Use Options to Manage Risk in 2014

November 25, 2013 10:55 PM
Use Options to Manage Risk in 2014

Market experts agree profits will be harder to lock in this year. Here are some tools you should put in your marketing toolbox.

Options are a powerful tool providing insurance on both sides of the market, but not necessarily the way some have used them. With many projections pointing to lower grain prices in 2014, market experts says it is time to consider using options as part of your marketing plan.

These comments are experts from a recent Top Producer article that features analysis and commentary from 15 ag market analysts. Read the full article: They Say It’s a Bear Market

Brian Basting, Advance Trading

As we adjust to increasing stocks and weaker prices, markets are in transition. One alternative to consider is an option-based risk-management strategy. There’s a lot of downside potential in the market; however, supply and demand surprises could change that quickly.
Farmers can use an option-based program to establish a price floor for inventory in storage or expected production but leave the upside open. Another strategy is to make cash sales if basis is favorable and purchase call options.

Bill Biedermann, Allendale

Corn markets continue to respond to large ending stocks. U.S. soybean stocks are not as burdensome, but world supplies are at record levels.

Barring a major weather event, prices should bottom out at sub-$4 per bushel corn and sub-$11 soybeans. There are many tools, such as an option box, option three-way or covered hedge/sale, that are relatively safe. They allow you to establish a floor while keeping the upside open.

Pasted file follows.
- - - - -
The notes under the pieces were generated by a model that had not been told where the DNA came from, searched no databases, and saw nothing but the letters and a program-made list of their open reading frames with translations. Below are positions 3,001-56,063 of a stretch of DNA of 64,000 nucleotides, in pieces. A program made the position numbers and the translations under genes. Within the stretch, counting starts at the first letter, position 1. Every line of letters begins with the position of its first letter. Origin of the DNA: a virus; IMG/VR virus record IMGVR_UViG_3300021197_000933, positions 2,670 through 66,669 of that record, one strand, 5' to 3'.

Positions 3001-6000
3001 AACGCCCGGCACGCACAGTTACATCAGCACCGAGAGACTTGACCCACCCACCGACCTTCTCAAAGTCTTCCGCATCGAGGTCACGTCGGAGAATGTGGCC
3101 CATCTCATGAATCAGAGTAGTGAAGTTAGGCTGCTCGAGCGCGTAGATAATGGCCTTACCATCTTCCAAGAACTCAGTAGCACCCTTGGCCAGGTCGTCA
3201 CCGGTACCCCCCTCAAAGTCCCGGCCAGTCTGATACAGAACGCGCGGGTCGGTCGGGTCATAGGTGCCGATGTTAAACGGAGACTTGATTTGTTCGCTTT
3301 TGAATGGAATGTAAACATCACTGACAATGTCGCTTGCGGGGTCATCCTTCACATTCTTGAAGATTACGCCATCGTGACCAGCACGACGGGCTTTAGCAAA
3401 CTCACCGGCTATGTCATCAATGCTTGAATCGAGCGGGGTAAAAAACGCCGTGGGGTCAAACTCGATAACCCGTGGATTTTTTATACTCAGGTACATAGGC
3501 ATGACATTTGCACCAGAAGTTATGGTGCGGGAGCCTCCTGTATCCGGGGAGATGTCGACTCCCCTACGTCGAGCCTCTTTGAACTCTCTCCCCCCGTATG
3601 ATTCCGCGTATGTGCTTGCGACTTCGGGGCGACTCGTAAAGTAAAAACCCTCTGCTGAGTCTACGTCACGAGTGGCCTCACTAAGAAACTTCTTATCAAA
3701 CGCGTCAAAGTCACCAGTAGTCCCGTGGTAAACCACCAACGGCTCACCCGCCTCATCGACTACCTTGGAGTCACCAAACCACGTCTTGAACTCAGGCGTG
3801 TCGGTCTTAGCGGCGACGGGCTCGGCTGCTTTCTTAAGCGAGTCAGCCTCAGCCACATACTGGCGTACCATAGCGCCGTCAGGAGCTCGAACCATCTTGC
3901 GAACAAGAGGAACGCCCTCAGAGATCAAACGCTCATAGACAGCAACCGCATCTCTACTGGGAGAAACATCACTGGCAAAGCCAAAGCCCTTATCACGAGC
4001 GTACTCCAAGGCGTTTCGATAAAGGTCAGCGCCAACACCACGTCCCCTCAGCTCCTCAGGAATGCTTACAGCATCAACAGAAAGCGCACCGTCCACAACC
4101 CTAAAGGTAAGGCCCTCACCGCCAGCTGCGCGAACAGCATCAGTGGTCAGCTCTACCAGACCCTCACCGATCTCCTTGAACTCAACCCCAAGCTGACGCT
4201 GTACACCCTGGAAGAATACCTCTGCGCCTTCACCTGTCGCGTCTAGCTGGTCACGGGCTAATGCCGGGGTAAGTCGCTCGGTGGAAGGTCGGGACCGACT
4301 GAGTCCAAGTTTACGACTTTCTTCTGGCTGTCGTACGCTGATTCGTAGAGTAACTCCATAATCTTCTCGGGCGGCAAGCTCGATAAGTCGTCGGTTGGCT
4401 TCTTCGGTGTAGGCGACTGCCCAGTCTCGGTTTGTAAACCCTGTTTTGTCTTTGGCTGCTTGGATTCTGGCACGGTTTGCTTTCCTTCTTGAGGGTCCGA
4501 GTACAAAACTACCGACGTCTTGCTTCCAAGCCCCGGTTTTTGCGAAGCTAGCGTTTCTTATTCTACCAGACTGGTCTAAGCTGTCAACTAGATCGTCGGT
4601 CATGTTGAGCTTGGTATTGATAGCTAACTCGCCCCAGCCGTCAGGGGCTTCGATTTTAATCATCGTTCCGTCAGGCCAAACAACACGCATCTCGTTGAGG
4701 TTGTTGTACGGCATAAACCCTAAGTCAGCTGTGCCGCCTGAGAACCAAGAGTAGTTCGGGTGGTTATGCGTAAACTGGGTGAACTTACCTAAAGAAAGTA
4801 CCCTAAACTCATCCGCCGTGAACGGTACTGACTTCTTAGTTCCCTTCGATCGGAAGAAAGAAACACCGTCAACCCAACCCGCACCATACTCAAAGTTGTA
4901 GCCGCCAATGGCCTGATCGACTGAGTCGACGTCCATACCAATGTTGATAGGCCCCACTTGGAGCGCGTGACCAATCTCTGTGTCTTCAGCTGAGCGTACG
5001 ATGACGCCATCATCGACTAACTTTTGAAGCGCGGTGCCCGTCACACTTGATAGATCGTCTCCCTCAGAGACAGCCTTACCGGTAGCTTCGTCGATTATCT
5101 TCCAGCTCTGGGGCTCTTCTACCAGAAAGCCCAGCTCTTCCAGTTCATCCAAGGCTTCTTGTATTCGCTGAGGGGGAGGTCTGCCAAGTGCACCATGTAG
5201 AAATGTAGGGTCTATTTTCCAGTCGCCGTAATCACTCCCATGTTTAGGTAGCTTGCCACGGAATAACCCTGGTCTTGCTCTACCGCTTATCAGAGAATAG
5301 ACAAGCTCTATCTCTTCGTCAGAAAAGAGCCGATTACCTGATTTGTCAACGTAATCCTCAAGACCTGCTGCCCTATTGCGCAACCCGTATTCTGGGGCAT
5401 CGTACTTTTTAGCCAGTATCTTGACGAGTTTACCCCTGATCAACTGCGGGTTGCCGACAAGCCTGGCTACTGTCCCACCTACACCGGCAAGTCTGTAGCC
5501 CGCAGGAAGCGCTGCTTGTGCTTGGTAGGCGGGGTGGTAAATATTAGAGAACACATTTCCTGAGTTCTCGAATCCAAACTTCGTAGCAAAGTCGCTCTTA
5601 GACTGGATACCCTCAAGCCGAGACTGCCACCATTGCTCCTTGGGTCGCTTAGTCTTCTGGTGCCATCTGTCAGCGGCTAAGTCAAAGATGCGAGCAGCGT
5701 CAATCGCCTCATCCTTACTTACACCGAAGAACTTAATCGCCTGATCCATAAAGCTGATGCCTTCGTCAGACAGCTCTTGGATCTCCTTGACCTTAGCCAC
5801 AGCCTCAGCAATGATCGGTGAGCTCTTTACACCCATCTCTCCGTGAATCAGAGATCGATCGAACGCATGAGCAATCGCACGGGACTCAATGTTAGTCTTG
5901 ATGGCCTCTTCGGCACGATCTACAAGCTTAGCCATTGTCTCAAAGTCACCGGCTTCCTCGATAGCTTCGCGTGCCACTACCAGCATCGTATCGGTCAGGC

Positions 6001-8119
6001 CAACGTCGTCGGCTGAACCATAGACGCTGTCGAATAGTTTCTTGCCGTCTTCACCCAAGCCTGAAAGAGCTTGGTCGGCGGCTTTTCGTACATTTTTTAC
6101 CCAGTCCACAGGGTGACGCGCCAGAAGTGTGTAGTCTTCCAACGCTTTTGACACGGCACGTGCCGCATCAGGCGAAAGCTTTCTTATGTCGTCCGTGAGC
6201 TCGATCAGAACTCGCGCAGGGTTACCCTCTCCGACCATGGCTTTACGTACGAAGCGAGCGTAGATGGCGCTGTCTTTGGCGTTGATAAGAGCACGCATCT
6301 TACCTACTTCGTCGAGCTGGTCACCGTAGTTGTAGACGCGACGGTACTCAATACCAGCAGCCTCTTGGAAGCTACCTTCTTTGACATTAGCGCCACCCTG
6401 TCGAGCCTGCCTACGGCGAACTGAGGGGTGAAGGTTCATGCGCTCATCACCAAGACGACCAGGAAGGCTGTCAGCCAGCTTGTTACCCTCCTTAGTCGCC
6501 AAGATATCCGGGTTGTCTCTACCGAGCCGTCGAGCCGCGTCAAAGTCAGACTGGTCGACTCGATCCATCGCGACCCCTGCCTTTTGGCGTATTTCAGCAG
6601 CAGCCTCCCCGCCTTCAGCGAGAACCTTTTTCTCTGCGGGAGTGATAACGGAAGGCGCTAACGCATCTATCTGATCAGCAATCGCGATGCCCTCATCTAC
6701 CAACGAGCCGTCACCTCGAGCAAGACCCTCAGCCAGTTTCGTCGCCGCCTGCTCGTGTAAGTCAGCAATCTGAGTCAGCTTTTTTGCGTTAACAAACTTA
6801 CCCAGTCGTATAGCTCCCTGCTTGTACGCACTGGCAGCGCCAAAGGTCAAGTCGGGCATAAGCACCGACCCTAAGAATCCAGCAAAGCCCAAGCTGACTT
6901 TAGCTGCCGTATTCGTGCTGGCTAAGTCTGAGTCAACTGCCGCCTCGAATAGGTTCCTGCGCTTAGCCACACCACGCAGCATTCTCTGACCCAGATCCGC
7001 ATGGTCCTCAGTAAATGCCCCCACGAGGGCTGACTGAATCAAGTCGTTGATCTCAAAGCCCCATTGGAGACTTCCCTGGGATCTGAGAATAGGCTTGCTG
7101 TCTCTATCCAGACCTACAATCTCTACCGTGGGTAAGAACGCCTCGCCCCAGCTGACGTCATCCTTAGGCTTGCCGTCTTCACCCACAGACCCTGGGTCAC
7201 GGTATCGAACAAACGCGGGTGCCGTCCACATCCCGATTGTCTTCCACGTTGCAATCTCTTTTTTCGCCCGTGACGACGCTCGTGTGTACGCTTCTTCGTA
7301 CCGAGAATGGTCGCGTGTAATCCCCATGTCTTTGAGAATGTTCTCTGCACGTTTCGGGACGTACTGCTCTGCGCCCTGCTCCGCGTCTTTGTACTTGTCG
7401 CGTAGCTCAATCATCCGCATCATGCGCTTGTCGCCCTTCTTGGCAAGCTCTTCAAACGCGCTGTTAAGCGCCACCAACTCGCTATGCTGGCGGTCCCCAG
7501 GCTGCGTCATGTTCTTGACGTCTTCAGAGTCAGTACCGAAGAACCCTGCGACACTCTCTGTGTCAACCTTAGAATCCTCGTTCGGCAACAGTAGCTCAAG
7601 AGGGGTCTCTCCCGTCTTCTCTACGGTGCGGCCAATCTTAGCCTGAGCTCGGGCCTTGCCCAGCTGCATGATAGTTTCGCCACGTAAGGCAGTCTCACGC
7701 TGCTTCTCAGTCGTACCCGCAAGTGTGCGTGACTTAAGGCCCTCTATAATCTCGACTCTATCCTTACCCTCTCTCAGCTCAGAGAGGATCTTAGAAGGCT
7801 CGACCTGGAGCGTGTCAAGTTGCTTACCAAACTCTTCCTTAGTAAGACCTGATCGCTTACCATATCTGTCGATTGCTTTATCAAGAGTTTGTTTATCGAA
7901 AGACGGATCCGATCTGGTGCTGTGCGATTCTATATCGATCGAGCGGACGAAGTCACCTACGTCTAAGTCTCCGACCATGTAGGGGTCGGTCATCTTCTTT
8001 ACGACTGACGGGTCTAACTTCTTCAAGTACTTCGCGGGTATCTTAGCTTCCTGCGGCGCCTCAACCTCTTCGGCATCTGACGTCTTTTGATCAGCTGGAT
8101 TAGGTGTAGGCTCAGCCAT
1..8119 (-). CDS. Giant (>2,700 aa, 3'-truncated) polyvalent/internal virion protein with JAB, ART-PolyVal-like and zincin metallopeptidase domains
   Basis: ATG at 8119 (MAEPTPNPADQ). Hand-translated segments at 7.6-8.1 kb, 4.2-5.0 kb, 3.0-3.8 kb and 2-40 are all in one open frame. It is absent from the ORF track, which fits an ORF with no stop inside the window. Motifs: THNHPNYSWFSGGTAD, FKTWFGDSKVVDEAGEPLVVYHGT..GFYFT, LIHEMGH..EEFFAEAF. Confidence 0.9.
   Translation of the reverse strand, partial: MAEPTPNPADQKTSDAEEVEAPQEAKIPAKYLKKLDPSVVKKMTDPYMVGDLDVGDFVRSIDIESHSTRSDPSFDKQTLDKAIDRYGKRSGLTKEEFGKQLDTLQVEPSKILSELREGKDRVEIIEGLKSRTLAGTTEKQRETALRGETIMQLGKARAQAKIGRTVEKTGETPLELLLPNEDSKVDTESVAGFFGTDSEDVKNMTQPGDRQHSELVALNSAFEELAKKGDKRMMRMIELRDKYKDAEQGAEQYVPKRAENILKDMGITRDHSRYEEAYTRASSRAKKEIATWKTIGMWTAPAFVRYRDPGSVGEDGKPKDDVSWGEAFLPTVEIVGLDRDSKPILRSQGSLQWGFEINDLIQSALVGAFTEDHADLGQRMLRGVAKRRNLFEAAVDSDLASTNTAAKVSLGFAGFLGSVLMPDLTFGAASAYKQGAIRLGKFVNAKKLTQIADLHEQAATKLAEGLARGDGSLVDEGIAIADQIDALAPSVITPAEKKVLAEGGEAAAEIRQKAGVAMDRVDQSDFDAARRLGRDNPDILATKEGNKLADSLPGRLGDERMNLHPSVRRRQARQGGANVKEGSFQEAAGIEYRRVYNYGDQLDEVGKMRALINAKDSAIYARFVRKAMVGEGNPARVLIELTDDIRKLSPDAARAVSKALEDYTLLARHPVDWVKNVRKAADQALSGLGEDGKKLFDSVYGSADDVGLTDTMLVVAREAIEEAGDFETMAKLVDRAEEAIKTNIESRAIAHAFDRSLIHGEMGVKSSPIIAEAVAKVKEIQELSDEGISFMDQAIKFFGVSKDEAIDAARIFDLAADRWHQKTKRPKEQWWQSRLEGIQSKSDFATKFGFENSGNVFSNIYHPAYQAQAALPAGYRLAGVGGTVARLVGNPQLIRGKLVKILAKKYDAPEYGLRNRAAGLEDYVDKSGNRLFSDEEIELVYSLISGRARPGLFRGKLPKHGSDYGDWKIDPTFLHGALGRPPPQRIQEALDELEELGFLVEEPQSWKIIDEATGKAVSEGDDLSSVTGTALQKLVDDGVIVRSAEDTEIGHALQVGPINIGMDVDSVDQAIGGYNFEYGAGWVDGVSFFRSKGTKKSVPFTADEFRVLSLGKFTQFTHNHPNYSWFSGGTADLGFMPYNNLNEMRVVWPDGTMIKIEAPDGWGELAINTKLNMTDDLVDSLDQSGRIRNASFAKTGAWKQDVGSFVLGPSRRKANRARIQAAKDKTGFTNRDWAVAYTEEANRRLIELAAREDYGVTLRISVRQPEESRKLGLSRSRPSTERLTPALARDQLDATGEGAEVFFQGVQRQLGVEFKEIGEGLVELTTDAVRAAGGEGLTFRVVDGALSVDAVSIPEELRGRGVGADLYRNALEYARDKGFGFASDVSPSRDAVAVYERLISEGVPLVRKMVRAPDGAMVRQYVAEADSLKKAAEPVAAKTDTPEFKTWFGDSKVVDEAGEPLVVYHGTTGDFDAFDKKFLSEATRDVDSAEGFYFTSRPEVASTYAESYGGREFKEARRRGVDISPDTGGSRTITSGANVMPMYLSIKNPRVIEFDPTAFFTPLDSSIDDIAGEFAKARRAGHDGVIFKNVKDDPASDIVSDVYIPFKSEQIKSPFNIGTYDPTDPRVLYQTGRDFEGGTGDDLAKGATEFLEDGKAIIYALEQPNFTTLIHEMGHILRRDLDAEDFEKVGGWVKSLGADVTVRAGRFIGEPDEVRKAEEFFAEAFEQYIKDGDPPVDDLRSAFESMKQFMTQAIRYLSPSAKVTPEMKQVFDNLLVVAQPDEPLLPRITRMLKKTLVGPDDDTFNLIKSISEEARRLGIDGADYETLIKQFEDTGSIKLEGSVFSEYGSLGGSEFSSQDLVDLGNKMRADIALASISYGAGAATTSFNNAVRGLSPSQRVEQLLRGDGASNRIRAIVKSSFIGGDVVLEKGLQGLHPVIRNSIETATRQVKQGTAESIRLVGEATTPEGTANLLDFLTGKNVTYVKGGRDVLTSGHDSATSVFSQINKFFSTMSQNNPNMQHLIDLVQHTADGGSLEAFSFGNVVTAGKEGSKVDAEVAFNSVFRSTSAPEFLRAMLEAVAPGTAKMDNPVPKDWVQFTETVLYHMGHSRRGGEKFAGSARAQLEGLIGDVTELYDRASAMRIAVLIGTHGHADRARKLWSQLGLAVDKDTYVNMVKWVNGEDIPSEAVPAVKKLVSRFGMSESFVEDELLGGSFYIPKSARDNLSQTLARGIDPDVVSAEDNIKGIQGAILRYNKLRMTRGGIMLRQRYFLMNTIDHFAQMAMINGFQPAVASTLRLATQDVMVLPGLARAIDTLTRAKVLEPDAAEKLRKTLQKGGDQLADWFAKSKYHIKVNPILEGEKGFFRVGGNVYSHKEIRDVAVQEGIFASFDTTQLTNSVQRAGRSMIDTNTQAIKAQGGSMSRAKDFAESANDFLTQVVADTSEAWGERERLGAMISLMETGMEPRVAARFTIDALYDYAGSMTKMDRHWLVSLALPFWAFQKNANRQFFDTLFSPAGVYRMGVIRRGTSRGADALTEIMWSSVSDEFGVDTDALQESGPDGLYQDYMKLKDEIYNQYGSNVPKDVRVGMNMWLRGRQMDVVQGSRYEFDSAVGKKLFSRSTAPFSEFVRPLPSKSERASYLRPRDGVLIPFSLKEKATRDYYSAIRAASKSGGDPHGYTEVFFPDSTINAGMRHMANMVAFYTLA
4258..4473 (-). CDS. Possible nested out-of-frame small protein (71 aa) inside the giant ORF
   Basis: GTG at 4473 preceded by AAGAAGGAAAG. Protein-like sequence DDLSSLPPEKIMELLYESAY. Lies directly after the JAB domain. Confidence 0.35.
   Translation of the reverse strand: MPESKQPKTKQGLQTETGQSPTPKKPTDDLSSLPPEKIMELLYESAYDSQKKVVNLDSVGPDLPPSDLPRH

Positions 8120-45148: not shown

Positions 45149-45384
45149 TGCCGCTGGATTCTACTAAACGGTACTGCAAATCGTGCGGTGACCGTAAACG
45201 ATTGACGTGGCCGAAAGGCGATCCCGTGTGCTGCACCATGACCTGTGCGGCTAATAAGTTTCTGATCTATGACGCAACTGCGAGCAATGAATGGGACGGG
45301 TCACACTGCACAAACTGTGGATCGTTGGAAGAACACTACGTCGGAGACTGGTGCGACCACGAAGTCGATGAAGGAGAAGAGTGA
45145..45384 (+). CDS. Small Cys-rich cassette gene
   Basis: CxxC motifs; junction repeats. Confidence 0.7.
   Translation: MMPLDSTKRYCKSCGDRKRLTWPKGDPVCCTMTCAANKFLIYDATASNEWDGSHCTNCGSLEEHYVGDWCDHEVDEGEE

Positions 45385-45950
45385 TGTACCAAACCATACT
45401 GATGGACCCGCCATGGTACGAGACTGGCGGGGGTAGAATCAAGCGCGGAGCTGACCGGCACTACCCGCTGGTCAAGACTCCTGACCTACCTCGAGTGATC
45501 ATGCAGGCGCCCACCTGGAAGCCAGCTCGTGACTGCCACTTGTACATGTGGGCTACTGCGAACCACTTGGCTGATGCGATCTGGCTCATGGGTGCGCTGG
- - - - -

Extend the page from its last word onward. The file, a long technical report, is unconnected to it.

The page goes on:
Alan Brugler, Brugler Marketing

The U.S. soybean stocks-to-use ratio is tight, but might loosen with better-than-expected yields. With the forecast of a record global stocks-to-use ratio, we could see soybean prices drop to the sub-$12 per bushel range.

When price targets are hit, farmers should scale up sales. Options spreads and cash market equivalents are probably the sanest way to ride out market volatility. There will be decent returns to on-farm corn storage, but you have to set a price to earn the carry. Simultaneous gains in both basis and price are rare, making cash-grain-only marketing difficult to do well.

Mark Gold, Top Third Ag Marketing

Since 1983 corn has not made lows in October, and it is more likely to make the lows in November or December. The government shutdown delayed USDA’s crop production estimates and opened the door for a bearish report. One saving grace might be strong demand from China.
I suggest selling the bushels above your average production history and maintaining corn put options for any unsold grain. If you are trying to capture the carry, you must sell the deferred contract to lock it in. With no carry in the market, farmers should sell soybeans at harvest and re-own the crop with call options when technical indicators turn friendly.

Brian Grete, Pro Farmer

The buildup of corn stocks means the market must work to rebuild demand. Lower prices will improve demand, but it’s going to take time. Soybean stocks are set to rise marginally through 2013/14. Unlike corn, soybeans don’t have to worry about demand. China’s robust appetite for U.S. beans limits downside risk barring a global macro-economic meltdown.

Because of the lower corn price outlook, even short-term rallies should be viewed as selling opportunities. The price structure for soybeans suggests selling now. Focus on managing risk with long futures and call options.


These comments are experts from a recent Top Producer article that features analysis and commentary from 15 ag market analysts. Read the full article: They Say It’s a Bear Market

For More Information
The editors at are taking a look at experts’ projections for a variety of commodities in 2014 to help you succeed and be profitable in the coming year. Read 2014 Marketing Outlooks


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